Can one be good with god?
First my use here of this question is not to encourage or presume prejudice and bigotry against certain theists. Still it is a legitimate question to ask.
One answer is trivially yes but only in spite of god not because of god. That is people read in what they want and so they could read in a decent set of moral values or anything else and claim it came from god. One issue is that this could be "anything else". They could just as easily get a supposed independent confirmation of their prejudices.
The real issue is what is the answer if people try to do it because of god. This is not over whether a god exists nor whether they have the right conception of such a god but rather that it appears to directly conflict with the evidence-based empirical based approach any other remotely plausible moral theory. Has anyone ever been moral because of god?
There are quite a few Christians I have come across, more online than face to face, who argue that is their Christian beliefs that have saved them. Prior to getting this religion they were "sinners" - usually addicts or prostitutes and criminals or some equivalent combination. I certainly would not want to disavow them of their beliefs, if this led them to return to their old ways, which would not help them nor anyone else. Still what Christianity serves here is a useful fiction that enables some to be better people than would have been otherwise. However there are many belief systems that could do this and not all require a god belief. It could just as easily happen with other non-theistic religions such as Advaita, Zen, Taoism or Buddhism. It does not have to be a religion it could be Humanism for example.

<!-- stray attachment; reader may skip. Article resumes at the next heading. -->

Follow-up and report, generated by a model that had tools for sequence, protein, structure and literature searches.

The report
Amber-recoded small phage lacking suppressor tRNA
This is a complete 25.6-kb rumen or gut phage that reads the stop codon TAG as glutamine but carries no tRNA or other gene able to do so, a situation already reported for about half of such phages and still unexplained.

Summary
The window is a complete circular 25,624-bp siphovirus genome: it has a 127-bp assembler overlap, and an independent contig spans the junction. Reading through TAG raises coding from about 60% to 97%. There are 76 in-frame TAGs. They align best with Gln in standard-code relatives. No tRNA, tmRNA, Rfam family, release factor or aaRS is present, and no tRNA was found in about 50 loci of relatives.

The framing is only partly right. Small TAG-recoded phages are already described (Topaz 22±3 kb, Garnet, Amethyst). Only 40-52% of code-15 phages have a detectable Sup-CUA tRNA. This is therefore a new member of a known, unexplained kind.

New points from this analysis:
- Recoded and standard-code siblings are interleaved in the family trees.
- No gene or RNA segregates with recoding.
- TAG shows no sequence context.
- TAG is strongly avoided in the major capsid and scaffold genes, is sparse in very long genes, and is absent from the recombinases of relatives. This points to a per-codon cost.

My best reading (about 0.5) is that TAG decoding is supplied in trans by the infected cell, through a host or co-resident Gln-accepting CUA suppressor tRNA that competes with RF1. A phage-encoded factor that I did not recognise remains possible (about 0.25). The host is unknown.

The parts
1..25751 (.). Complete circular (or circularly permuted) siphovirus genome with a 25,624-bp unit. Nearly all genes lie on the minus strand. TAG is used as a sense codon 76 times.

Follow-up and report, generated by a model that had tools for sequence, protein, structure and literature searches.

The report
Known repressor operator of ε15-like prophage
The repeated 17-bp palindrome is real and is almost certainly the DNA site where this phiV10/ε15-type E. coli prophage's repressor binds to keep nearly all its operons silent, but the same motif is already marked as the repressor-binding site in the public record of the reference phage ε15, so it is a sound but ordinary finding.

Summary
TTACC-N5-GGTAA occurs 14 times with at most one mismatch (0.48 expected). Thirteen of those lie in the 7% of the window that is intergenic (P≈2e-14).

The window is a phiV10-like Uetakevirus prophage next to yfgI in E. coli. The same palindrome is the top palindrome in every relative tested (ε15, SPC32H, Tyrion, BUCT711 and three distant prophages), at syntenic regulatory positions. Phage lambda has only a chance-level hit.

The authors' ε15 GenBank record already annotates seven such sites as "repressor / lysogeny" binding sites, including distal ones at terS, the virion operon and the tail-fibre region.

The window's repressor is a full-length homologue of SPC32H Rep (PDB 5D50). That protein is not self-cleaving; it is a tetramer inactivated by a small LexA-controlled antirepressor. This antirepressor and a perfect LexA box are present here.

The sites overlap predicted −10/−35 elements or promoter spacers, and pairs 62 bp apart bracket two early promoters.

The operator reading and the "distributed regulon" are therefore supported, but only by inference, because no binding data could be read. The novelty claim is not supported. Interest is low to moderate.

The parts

Such useful fictions work based on their prior life experiences including propaganda and indoctrination - whether it succeeded in the past or failed. Consequently different people will respond to different useful fictions. So it is not surprising that many have found solace in Christianity since it has such a dominant effect on the upbringing of many children - even if it fails to take hold when they were younger.
The real issue here is to what extent they were mis-educated morally when they were younger as a result of thinking that religion and morality are necessarily related - a fiction and fallacy promoted by many religions. Surely to the degree that this is pervasive in one's upbringing, this contributes to a misunderstanding of what it is to be moral, it supports a lack of moral education, - quite the opposite of many Christina claim's to provide a moral education. It is a deceit, making people think they cannot be moral without the crutch of the church. This serves to produces moral cripples. How many of those who fell on hard times and were "saved" were the product of such miseducation in the first place?
I can only only speculate on such relations but this is certainly supported by the numerous correlation studies that objectively show the degree of religiosity is correlated with social ills. Could it be that a causative factor in this relation is due to the moral miseducation and the attempt by popular strands of Christianity to produce moral cripples, who when not reliant on the crutch of the church, mistakenly think anything goes and eventually suffer the consequences?
So, yes, some people have become moral - better members of a civilised and shared society because of their god beliefs but not because of god per se. However would society not be better off if people had better moral beliefs to start with, then they would have needed to resort to mistaken god beliefs to sort themselves out nor indeed find out that it was partly those mistaken god beleifs that helped them get into trouble in the first place?
Once one explores the question of "can one be good with God" without prejudgement, one realises the problem in asking "can one be good without God". Both are misleading questions. The one I asked here going to negate the effect of asking the more popular variant. The proper question is more simply "can one be good?" - what is required in general. History and philosophy has more than amply demonstrated that belief in a god, or not, is not required. As long as enough people think that asking "can one be good without god" is a legitimate question (ignoring the prejudice often behind such a question), surely one has to ask is "that religion the disease it is trying to cure"?